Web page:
By Wang Wen Source: China Plus Published: 2020-09-23
The development of human society is historically a never-ending fight against various viruses, as put by historian William McNeill in his book Plagues and People. Unfortunately, humans have not been able to defeat these viruses, and the decline of many empires can partly be attributed to these viruses. From the fight for dominance between Sparta and Athens to the collapse of the Roman Empire, from the reshaping of the European church system by the Black Death in the 14th century to the tragic war in the 1730s, and from the failure of Napoleon's expedition to Moscow in 1812 to the death of 100 million people caused by the Great Influenza in 1918, invisible viruses such as smallpox, measles, and typhoid all played detrimental roles in the rise and fall of these great powers and the eventual rebuilding of civilizations across human history. In the 20th century, known as “The Age of Extremes” by Eric Hobsbawm, 110 million people died in wars, while 1.4 billion died from infectious diseases. Human beings are arrogant enough that they want to conquer the Earth. They forget that they are the actual parasites of the Earth, and that the parasites on their bodies can destroy and reshape them at any time. If the Earth's 4.6-billion-year history was condensed into 24 hours, human beings would be the newest of creatures, only born in the last two seconds. This pandemic reminds us that we should always stay humble. In other words, viruses educate people to be more modest, kind, and united.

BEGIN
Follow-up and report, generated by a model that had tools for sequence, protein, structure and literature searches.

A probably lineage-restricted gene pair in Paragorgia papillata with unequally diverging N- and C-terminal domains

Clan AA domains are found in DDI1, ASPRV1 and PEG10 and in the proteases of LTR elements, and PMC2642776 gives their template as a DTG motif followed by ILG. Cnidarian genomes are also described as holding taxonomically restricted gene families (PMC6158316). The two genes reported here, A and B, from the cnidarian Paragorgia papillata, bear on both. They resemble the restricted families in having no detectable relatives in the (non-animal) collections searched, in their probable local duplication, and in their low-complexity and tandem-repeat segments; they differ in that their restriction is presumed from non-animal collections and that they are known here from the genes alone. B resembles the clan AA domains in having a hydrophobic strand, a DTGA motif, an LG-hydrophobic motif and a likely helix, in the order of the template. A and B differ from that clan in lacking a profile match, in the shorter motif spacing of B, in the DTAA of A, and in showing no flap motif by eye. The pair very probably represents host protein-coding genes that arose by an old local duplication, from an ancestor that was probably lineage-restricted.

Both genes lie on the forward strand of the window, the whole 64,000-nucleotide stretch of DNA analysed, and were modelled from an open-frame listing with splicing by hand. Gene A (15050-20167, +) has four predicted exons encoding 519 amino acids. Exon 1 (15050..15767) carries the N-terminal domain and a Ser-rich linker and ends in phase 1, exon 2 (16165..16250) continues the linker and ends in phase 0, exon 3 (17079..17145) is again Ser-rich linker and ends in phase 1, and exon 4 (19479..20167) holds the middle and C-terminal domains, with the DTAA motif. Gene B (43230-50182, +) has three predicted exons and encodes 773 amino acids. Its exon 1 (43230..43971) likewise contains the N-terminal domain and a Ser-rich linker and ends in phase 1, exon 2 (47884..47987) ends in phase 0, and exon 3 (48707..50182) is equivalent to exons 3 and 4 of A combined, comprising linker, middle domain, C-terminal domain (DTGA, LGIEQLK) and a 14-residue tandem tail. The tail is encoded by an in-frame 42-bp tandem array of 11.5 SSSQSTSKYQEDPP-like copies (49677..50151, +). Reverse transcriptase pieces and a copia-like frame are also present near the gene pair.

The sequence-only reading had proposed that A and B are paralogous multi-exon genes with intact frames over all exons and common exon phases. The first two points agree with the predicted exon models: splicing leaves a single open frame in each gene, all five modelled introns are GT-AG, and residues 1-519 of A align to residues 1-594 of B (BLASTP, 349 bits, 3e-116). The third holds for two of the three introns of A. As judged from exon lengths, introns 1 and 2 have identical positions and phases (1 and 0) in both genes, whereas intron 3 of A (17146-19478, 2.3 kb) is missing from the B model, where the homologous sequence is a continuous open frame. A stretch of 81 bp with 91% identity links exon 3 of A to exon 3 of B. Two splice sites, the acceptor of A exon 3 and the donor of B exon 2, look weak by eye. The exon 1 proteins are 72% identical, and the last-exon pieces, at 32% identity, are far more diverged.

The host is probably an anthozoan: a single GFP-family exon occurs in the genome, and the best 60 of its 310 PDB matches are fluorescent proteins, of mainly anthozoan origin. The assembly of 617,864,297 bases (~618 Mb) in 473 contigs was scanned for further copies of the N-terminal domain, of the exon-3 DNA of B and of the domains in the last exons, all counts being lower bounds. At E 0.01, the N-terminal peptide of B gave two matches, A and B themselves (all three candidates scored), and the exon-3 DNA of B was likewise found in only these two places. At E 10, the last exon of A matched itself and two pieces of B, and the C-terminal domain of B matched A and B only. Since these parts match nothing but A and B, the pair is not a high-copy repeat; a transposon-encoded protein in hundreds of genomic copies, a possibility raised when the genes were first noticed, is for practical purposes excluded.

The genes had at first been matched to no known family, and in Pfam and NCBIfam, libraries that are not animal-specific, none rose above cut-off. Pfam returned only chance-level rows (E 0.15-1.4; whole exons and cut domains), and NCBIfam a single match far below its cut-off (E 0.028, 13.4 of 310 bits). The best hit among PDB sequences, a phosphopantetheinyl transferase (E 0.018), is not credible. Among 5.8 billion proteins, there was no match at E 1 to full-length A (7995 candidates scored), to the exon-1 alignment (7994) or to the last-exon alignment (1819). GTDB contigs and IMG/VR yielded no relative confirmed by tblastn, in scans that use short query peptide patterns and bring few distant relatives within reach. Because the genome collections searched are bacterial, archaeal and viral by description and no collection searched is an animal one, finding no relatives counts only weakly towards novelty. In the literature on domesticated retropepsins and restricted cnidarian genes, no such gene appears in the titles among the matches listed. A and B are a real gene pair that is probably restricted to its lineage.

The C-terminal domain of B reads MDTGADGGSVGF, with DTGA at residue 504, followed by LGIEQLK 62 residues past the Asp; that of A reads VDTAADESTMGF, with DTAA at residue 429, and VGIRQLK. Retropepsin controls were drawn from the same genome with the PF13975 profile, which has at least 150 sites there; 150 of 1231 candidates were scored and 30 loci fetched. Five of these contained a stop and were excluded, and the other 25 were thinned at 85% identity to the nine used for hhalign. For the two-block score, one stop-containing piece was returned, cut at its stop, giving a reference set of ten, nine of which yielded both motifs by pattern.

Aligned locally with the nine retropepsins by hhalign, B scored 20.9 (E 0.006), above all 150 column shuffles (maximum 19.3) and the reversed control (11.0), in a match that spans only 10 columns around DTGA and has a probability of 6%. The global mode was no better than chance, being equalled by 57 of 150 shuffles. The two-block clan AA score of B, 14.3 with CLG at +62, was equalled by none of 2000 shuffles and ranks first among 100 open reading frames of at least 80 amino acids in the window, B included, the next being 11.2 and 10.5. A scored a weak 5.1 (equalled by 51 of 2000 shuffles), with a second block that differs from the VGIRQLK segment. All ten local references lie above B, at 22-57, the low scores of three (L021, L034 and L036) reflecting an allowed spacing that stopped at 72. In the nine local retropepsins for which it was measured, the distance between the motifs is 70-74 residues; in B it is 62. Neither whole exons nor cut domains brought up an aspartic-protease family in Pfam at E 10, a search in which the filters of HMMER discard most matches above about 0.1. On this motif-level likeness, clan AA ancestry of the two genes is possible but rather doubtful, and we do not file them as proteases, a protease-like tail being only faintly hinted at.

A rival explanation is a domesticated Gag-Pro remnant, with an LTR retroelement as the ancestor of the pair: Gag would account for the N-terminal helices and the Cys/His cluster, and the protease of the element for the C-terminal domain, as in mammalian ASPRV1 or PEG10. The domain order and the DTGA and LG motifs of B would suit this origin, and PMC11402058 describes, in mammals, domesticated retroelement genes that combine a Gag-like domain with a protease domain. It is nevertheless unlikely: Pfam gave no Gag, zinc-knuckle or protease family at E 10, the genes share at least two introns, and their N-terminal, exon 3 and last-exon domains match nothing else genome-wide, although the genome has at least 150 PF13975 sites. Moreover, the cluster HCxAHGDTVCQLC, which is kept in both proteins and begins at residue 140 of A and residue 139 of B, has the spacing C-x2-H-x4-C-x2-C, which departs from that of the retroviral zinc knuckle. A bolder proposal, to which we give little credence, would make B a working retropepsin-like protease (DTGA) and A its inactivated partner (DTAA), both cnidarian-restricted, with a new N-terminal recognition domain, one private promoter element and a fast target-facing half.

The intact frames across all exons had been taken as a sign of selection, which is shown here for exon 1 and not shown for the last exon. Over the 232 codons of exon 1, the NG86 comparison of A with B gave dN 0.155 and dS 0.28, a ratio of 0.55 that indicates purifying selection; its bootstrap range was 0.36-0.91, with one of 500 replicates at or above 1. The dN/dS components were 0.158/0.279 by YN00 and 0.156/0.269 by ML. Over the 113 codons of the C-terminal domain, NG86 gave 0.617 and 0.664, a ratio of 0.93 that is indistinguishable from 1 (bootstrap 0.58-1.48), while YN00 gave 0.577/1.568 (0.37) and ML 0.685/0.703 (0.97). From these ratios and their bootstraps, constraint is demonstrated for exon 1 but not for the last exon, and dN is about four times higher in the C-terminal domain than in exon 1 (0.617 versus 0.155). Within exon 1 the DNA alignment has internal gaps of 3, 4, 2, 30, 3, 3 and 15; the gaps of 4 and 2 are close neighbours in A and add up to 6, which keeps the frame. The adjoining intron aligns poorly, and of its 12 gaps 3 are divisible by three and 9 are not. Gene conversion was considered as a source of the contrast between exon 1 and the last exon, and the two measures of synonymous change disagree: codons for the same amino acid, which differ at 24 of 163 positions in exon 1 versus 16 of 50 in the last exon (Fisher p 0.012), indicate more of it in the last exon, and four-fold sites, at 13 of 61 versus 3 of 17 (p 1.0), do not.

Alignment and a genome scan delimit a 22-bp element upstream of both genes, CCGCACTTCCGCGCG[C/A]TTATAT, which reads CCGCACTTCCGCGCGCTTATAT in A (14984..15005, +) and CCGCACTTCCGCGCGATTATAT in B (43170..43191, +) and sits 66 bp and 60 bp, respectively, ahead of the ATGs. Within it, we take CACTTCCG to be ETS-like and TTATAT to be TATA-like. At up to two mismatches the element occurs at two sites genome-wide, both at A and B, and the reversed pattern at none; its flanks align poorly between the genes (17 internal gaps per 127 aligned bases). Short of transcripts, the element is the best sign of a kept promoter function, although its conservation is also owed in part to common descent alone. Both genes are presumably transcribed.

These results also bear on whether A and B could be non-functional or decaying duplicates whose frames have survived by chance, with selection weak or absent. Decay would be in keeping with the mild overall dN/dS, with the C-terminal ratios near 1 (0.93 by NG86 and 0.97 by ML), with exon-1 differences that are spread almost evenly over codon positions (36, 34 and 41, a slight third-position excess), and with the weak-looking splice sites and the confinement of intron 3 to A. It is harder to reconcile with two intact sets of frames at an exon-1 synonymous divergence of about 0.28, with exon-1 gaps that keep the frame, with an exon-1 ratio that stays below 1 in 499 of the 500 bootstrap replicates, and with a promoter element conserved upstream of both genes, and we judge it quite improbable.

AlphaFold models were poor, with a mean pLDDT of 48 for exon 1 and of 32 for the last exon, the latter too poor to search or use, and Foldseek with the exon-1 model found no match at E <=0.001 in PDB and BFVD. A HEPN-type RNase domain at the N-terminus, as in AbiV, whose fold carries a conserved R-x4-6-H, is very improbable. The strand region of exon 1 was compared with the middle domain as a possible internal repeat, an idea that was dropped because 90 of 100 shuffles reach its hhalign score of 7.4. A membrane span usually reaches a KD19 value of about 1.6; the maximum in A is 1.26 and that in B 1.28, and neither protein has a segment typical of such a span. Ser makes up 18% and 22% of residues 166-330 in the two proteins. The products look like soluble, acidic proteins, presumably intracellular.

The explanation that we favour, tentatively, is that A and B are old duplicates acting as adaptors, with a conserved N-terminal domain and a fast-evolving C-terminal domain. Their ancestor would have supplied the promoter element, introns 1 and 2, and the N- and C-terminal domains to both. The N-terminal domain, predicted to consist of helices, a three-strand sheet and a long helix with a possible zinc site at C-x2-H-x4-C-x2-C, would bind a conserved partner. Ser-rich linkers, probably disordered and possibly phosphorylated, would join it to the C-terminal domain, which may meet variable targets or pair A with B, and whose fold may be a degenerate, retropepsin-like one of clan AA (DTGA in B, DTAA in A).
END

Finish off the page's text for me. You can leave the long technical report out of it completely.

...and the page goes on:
However, it is unfortunate that almost all of the smartest minds in politics, economics, sociology, and military affairs have ignored the variable of infectious diseases in their study of the changing world. Professors are ready to summarize seemingly regular influencers, while deliberately avoiding the complexity of infectious diseases in their social science research. In this regard, I hope that the COVID-19 pandemic will ring the alarm bells, and reshape the way we approach social sciences by pushing these scholars and experts to study the future impact of infectious diseases.